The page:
This is a painting of a friend, Vera.

She kindly allowed me to use one of her photos from material for portrait practice. I did more than 15 drawings and 11 watercolour portraits from that photo.   And they are all completely different.  In terms of likeness, some are better than others but even amongst the better ones there is a great difference. How can this be?

It is all about seeing. Milton Glaser, who designed the I love NY  logo talks about how profound it is that we can see an object, represent it in two dimensions on paper, then look at the object again and use our perception to update the representation. Charles Reid the watercolourist, talks about how artists draw and paint from what is in their memory rather than what is before them. Failing to look at what you are drawing is one of the most fundamental errors an art student can make. So we typically draw an eye as an almond, a circle and a dot when the eye and the lid is full of beautiful shapes and shades. Looking and not seeing is where the journey to reality may begin.

But what does this have to do with business? I take a risk by including my passion for painting in these newsletters but the metaphor between the two worlds immediate. Seeing is about knowing our current reality, a crucial component in strategy, planning and team alignment.

Seeing is about engaging with ‘Brutal Truth’. In “Good to Great” Jim Collins devotes a significant portion of his model, to finding a clear view of what is really going on. It begins with a decision to find it. Then we have to look (or listen) and see (or hear, or feel) the facts. When you have this view, your strategy and your plan can take shape. Of course there is a place for dreaming. I suppose any good strategy is founded in reality, but built on dreams. But many visions and strategies are simply divorced from reality. I had a client a while back whose vision was to be the biggest supplier of their product in the world, when they were simply way way way behind even their next biggest competitor in our emerging corner of the planet. Their vision was simply not rooted in reality.

And how can we get to see better? Well again how can the artist learn to represent better, what they are drawing or painting?

  1. Practice, which means repetition. Here is Milton Glaser on the topic of practice:  As we practice we learn to put aside our mental images and engage with the intricate shapes of reality.
  2. Challenge your perceptions. Review past decisions. Engage in disagreement. Build the trust in your team to thrive on conflict. Susan Scott, author of ‘Fierce Conversations’ asks the reflective question, “what are you ignoring, what is your contribution to a situation?” If you do a SWOT analysis, how valid are the strengths and weaknesses on which you base your opportunities and threats? Or will the strengths on which you now thrive be weaknesses as you when you find yourself engaged in your chosen opportunity. Take on those sacred cows. Here is one. Watching my Charles Reid video I developed a suspicion that he himself does not see exactly what is in front of him when he does portraits but has developed a more sophisticated system of symbols.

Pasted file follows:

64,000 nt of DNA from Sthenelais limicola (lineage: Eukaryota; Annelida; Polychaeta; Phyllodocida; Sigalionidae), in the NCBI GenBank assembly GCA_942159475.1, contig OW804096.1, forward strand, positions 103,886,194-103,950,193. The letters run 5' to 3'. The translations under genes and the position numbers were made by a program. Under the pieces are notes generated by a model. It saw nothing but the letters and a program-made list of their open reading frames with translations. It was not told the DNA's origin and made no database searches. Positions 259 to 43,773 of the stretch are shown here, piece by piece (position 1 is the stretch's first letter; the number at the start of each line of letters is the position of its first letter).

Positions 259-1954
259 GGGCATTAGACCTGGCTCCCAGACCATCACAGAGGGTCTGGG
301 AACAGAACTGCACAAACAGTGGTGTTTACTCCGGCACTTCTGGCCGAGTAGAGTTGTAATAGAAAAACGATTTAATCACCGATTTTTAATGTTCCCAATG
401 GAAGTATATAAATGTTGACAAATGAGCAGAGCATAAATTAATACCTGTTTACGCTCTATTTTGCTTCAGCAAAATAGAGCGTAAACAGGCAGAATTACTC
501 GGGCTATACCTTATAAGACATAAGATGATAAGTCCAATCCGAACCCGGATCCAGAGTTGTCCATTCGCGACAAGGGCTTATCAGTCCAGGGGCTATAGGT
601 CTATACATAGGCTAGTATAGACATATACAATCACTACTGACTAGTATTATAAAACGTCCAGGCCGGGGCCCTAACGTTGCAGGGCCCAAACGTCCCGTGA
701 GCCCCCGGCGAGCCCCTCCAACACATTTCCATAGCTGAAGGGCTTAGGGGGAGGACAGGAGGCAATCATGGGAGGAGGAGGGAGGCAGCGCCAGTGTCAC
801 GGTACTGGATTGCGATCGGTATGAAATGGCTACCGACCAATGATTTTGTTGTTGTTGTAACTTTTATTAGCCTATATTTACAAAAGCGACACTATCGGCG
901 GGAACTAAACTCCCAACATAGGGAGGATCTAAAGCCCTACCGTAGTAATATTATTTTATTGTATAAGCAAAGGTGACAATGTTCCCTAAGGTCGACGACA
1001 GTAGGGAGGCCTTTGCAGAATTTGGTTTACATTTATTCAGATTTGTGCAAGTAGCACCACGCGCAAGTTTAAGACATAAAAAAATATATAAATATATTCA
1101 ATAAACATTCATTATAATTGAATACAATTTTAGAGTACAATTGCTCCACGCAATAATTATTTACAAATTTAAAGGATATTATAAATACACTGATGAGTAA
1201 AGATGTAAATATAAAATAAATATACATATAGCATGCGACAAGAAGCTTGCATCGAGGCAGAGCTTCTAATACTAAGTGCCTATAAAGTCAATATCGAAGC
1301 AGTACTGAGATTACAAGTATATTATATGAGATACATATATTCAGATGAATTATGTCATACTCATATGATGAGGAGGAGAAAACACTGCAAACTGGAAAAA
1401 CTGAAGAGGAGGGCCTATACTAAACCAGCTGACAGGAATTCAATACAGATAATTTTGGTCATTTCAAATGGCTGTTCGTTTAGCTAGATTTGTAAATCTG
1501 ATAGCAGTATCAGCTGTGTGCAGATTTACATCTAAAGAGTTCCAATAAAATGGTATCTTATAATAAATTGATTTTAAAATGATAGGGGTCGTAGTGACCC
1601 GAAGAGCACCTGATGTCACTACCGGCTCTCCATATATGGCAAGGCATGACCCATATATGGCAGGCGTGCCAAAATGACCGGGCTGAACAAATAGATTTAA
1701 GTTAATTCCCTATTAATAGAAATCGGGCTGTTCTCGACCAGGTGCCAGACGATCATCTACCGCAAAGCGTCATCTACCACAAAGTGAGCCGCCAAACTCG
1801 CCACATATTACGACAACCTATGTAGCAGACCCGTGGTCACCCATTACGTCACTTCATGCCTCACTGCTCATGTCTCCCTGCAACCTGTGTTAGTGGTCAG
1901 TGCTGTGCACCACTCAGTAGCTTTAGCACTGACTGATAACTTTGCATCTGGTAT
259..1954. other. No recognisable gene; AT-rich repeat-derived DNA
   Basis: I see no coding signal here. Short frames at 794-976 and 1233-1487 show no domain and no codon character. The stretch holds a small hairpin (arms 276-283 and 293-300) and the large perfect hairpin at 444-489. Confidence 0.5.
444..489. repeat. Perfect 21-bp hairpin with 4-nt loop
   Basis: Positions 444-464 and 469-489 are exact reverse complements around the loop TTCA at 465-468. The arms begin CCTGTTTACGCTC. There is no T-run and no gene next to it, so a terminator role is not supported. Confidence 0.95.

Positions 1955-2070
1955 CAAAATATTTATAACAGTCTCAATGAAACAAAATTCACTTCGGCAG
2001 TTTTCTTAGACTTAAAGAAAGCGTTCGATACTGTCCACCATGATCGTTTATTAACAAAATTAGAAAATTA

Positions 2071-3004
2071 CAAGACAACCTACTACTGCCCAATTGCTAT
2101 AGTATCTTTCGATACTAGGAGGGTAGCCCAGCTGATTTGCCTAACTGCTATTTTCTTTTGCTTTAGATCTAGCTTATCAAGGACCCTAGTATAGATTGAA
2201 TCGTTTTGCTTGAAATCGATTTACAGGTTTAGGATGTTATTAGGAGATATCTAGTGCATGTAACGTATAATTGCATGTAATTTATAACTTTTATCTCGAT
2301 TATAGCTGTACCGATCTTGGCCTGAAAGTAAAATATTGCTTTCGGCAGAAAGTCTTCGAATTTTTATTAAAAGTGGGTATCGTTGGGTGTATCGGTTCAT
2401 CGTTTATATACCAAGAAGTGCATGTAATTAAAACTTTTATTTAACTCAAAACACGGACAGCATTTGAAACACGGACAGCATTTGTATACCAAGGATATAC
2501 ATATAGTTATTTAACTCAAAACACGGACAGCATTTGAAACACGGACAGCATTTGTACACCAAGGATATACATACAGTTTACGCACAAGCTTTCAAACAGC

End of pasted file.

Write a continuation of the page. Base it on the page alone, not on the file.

3. Make mistakes. Do the work. Give yourself permission to give it a good go and make a mess. I asked a friend to pose at a coffee shop for me and I drew and painted these really bad portraits. I had so much to learn in terms of drawing and painting technique. But it triggered my desire to make it happen and has fuelled all of the mistakes I have made since then.
  4. Learn from your mistakes. And give yourself space to learn the lessons. As I look at all the paintings of Vera I am able to recognise the consistent errors I make in seeing. I have reviewed these works and have read and watched videos about how to draw and how to paint figures and portraits. J Richard Hackman points to the magical opportunity for learning at the end of an event. Do you and your team take five minutes to review the success of a meeting?
  5. Get an outside view. To loosely paraphrase Kurt Gödel, you can’t access all the information available to you in the system you inhabit. It may be there in front of you, but you need input from someone from outside the system. Living as I do in family of artists and as I post on my blog and on Facebook I get feedback. Not all of this feedback is given in a charitable spirit but there are usually good lessons.
  6. Be discipled. Sometimes we benefit most from walking in the steps of the master. Prof van Oudtshoorn at Middlesex used to say “the best coaches are usually coached by the best coaches”. I spent some hard cash on lessons with Ryno Swart, and on painting videos of Charles Reid and Alvaro Castagnet. Watching videos may not be as good as sitting under the daily teaching of the master but it is a close second. I also spent three days in the last week, sitting under the teaching of Daniel Meier, who developed the Solution Circle approach to coaching teams. A challenging, valuable week. You don’t have to idolise someone to learn from them. Who are you following?